Scotland’s census criticised for links to firm accused of torture

The organisers of Scotland’s next population census in 2021 have come under fire for hiring a firm whose US parent company is accused of helping torture prisoners at the notorious Abu Ghraib prison in Iraq.

The UK information technology company, CACI, has won two contracts from National Records of Scotland to collect online data and manage the 2021 census. Its US owner, CACI International, was employed by the US government to provide interrogation services at Abu Ghraib in 2003-04.

Iraqi prisoners at the jail west of Baghdad city were subject to sexual abuse, violence and severe physical deprivations. Graphic photographs were published in 2004 and US soldiers were court-martialled for mistreating prisoners.

CACI international, however, has denied any wrongdoing, and is fighting a prolonged legal action brought by the US Centre for Constitutional Rights on behalf of four former prisoners alleging complicity in torture. In February 2018, a judge rejected a move by the company to dismiss the case, saying it should be heard.

Alistair Duff, professor of information policy at Edinburgh Napier University, thought it was “very disappointing” that CACI had been given the contracts. He accused its parent company of being “implicated” in “one of the vilest outrages since Auschwitz” at Abu Ghraib.

He argued that the previous use of the company in the 2011 census had caused many Scottish citizens “an acute crisis of conscience”. He called on National Records of Scotland to bring the work in house, and not to use private companies.

“This is an ethical issue that is much bigger than petty rules,” Duff said. Recent research at Edinburgh Napier University had suggested that most people were uncomfortable with outsourcing of census operations to private firms.

Important data will once again be haunted by the screams of the tortured Richard Haley, Scotland Against Criminalising Communities

Richard Haley, chair of the civil liberties campaign group, Scotland Against Criminalising Communities, described the award of census contracts to CACI as “jaw-dropping”.

He alleged: “Important data will once again be haunted by the screams of the tortured and skewed by people’s reluctance to give their personal information to an abuser.”

Haley argued that efforts by CACI International to “shrug off responsibility” for torture at Abu Ghraib “won’t wash, even in Trump’s America”. He added: “It remains for the court to decide whether CACI aided and abetted these violations.”

Kate Nevens, Amnesty International’s director in Scotland, said: “Any company that is proven to have links to human rights violations in Abu Ghraib has very serious questions to answer, particularly because complicity in torture is an international crime.”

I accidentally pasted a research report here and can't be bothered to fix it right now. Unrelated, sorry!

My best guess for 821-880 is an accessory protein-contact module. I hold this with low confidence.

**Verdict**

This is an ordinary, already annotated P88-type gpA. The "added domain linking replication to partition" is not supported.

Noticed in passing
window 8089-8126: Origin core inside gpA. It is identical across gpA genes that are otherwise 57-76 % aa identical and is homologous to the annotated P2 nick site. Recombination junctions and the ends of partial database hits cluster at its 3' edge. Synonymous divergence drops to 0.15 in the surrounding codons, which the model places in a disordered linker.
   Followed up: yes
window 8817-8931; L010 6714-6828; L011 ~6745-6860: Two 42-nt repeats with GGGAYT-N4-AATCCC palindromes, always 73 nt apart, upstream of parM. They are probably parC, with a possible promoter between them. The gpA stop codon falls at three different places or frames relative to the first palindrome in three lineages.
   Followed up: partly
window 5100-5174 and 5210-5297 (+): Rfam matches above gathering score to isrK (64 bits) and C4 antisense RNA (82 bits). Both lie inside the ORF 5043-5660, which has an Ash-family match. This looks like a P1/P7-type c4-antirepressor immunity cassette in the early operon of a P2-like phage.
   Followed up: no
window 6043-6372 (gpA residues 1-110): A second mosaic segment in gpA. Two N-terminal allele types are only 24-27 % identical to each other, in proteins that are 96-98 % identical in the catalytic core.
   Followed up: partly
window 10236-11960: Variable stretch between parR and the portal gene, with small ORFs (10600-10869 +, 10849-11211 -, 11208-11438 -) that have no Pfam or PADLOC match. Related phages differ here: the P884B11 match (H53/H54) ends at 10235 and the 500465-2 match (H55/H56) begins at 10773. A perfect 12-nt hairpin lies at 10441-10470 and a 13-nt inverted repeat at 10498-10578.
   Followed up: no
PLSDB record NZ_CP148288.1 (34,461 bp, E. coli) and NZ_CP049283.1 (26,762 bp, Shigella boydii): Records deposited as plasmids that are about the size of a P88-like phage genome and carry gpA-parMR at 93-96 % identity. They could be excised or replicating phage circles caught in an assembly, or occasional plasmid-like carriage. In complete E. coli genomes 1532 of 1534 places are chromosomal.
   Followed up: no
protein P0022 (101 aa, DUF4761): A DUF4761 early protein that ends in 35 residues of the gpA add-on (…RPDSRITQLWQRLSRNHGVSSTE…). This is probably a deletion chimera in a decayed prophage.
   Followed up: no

The managing director of CACI Limited in the UK, Jeet Khaira, stressed that the company was “an entirely separate entity from its owner, CACI International”. CACI Limited was relied on by UK government departments to process data securely and was an expert in delivering census projects, he said.

“CACI Ltd does not currently, and has not previously, worked with the US military,” he told The Ferret. “CACI Ltd has the highest level of government digital services and is independently audited for compliance by the British Standards Institute.”

Not one current or former CACI employee has been charged with or found culpable of any wrongdoing at Abu Ghraib CACI International

CACI International in the US did not respond to a request to comment. But it has previously strongly denied involvement in torture at Abu Ghraib, insisting there were no proven incidents of abuse.

Allegations made by former Iraqi prisoners were disputed, the company said in response to a story in the New York Times in 2010. “Not one current or former CACI employee has been charged with or found culpable of any wrongdoing at Abu Ghraib,” the firm said.

In a letter to Duff on 15 March 2018, the registrar general at National Records of Scotland (NRS), Tim Ellis, defended choosing CACI. “NRS and Scottish Government carried out a range of checks on the potential bidders and the bidders themselves were asked to self-declare that they met the selection and exclusion criteria as outlined in the invitation to tender,” he said.

“By law, the winning bidder has then to submit all of the required certificates and documentation, before they are awarded the contract. Having gone through this extensive process, I am therefore satisfied that CACI UK Ltd fully comply with all of our legal selection criteria and we have no grounds for exclusion.”

The Scottish Government referred a request to comment to NRS, which pointed out that CACI were experienced census experts. “Following a fair and open procurement process in line with government rules and best practice, NRS appointed CACI as one of a number of contractors to help deliver the census in 2021,” an NRS spokesperson said.

The letter from National Records of Scotland in full

Photo thanks to United States Armed Forces via Wikimedia Commons.

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